Takeda has announced it met its primary endpoint in a Phase IIb trial evaluating TAK-279 in patients with active psoriatic arthritis.
The randomised, multicentre, double-blind, placebo-controlled, multiple-dosed trial study (NCT05153148) evaluated the efficacy, safety, and tolerability of TAK-279, an investigational oral allosteric tyrosine kinase 2 (TYK2) inhibitor with next generation selectivity, in patients with active psoriatic arthritis.
In December 2022, Takeda acquired the candidate, previously called NDI-034858 from Nimbus Therapeutics. Nimbus received a $4bn upfront payment and will also receive two milestone payments worth $1bn upon Takeda meeting annual net sales of $4bn and $5bn.
Plump said: “We are also advancing the development of TAK-279 in Crohn’s disease, ulcerative colitis and systemic lupus erythematosus and exploring a range of other potential indications. These opportunities are being explored in parallel with the psoriasis and psoriatic arthritis programmes.”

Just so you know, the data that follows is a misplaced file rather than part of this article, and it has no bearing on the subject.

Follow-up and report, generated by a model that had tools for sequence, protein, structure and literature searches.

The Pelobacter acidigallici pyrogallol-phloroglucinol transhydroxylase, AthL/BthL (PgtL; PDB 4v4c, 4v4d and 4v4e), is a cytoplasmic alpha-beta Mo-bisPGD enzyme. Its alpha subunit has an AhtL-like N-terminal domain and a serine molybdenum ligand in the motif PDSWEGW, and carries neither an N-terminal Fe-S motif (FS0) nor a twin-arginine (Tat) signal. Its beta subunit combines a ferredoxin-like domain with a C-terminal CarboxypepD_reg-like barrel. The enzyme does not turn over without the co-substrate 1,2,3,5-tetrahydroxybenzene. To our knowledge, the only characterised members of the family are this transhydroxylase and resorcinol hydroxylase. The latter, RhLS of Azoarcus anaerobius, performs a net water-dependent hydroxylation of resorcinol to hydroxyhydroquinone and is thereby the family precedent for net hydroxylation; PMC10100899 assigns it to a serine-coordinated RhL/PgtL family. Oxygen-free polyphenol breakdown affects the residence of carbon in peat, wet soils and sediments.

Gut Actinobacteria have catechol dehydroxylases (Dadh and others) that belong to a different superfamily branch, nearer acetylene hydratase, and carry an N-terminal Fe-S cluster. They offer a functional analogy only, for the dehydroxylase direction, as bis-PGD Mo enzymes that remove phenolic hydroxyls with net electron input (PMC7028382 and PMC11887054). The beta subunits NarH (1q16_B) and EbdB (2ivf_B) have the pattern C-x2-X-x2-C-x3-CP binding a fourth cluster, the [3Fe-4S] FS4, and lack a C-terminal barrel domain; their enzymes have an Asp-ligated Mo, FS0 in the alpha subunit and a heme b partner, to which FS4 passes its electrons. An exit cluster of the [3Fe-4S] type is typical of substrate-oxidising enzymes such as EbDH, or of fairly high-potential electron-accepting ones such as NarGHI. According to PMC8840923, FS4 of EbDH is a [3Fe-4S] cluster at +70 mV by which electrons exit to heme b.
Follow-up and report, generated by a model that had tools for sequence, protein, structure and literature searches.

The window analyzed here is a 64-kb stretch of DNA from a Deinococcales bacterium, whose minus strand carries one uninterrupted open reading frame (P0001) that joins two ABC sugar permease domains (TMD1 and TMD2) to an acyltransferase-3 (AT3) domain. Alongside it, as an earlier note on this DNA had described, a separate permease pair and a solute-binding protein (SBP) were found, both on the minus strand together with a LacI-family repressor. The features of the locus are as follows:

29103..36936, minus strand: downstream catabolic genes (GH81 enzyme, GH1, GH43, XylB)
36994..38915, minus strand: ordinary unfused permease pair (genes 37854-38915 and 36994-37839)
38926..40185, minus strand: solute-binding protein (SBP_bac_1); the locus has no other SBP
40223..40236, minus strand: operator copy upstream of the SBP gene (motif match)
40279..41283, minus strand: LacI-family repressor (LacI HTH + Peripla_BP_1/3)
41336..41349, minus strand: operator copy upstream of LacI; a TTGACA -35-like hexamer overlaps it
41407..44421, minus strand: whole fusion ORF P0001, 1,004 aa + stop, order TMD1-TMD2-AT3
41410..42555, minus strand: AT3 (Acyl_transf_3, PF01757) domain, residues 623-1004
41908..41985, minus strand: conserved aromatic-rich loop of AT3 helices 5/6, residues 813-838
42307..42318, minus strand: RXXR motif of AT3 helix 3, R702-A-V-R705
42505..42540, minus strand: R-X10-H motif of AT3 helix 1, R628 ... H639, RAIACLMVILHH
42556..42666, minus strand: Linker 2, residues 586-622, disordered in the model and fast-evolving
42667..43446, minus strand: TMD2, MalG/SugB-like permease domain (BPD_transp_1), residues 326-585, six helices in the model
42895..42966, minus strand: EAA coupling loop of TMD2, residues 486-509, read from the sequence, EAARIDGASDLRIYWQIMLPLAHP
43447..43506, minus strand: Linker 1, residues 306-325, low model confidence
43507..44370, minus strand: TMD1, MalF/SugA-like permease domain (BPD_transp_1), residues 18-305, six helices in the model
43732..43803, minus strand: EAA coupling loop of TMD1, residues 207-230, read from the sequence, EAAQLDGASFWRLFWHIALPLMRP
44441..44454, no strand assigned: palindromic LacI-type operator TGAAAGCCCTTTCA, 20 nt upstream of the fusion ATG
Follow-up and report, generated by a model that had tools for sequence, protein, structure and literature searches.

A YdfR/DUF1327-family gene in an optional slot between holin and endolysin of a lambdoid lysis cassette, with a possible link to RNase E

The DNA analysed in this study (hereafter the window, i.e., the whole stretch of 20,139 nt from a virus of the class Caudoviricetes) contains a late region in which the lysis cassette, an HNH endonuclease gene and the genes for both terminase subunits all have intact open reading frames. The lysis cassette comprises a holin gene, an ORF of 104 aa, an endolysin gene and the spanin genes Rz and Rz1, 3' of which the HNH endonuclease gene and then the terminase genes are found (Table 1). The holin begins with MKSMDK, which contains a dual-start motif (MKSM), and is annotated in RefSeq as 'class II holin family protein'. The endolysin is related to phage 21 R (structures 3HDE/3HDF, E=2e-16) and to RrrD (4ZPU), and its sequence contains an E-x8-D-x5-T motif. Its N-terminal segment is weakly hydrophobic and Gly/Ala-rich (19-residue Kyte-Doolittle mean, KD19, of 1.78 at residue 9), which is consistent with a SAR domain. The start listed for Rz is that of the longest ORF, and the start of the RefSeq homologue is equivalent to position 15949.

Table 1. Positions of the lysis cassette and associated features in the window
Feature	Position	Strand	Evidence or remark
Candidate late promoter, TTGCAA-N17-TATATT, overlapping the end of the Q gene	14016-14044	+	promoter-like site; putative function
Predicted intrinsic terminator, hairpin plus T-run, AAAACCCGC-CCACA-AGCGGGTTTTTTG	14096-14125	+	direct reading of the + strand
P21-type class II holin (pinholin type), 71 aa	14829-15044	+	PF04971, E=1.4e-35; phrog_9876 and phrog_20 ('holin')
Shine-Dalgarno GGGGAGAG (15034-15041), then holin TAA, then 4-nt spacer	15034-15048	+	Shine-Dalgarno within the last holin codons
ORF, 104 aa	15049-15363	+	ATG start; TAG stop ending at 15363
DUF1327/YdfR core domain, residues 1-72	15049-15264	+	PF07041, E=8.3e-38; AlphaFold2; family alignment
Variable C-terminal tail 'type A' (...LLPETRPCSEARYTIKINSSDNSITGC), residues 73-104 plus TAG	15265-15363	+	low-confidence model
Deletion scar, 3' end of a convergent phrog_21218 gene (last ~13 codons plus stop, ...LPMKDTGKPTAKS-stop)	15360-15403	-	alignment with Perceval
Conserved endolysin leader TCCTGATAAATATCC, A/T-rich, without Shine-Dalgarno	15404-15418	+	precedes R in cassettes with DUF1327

For plaque psoriasis, GlobalData predicts that TAK-279 will be the second approved TYK2 inhibitor for this indication and upon potential approval, will face strong competition from Bristol Myers Squibb (BMS) Sotyktu (deucravacitinib), which is a first-in-class TYK2 inhibitor approved in the US and EU.
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Psoriatic arthritis trial results
The trial met its primary endpoint with a statistically significant proportion of patients, 53.3% (15mg) and 54.2% (30mg), treated with TAK-279 achieving at least an American College of Rheumatology 20 (ACR 20) response compared to 29.2% in the placebo arm at week 12 (p = 0.002).
The safety and tolerability profile of TAK-279 in the trial was consistent with that observed in the Phase IIb psoriasis study.
There were also improvements in the key secondary endpoints, including ACR 50 response, ACR 70 response, Psoriasis Area and Severity Index (PASI) 75 achievement, a reduction from baseline in the tender joint count and swollen joint, and minimal disease activity (MDA) response rates.
The most common treatment-emergent adverse events (TEAEs) were nasopharyngitis, upper respiratory tract infections, headache, and rash. Serious and grade 3 or higher TEAEs occurred infrequently and at a similar rate in the TAK-279 and placebo groups.
Compared to placebo, no opportunistic infections, major adverse cardiovascular events, or differences in mean laboratory parameters of interest were observed.
There was no clinically significant difference in adverse event rates between doses of TAK-279.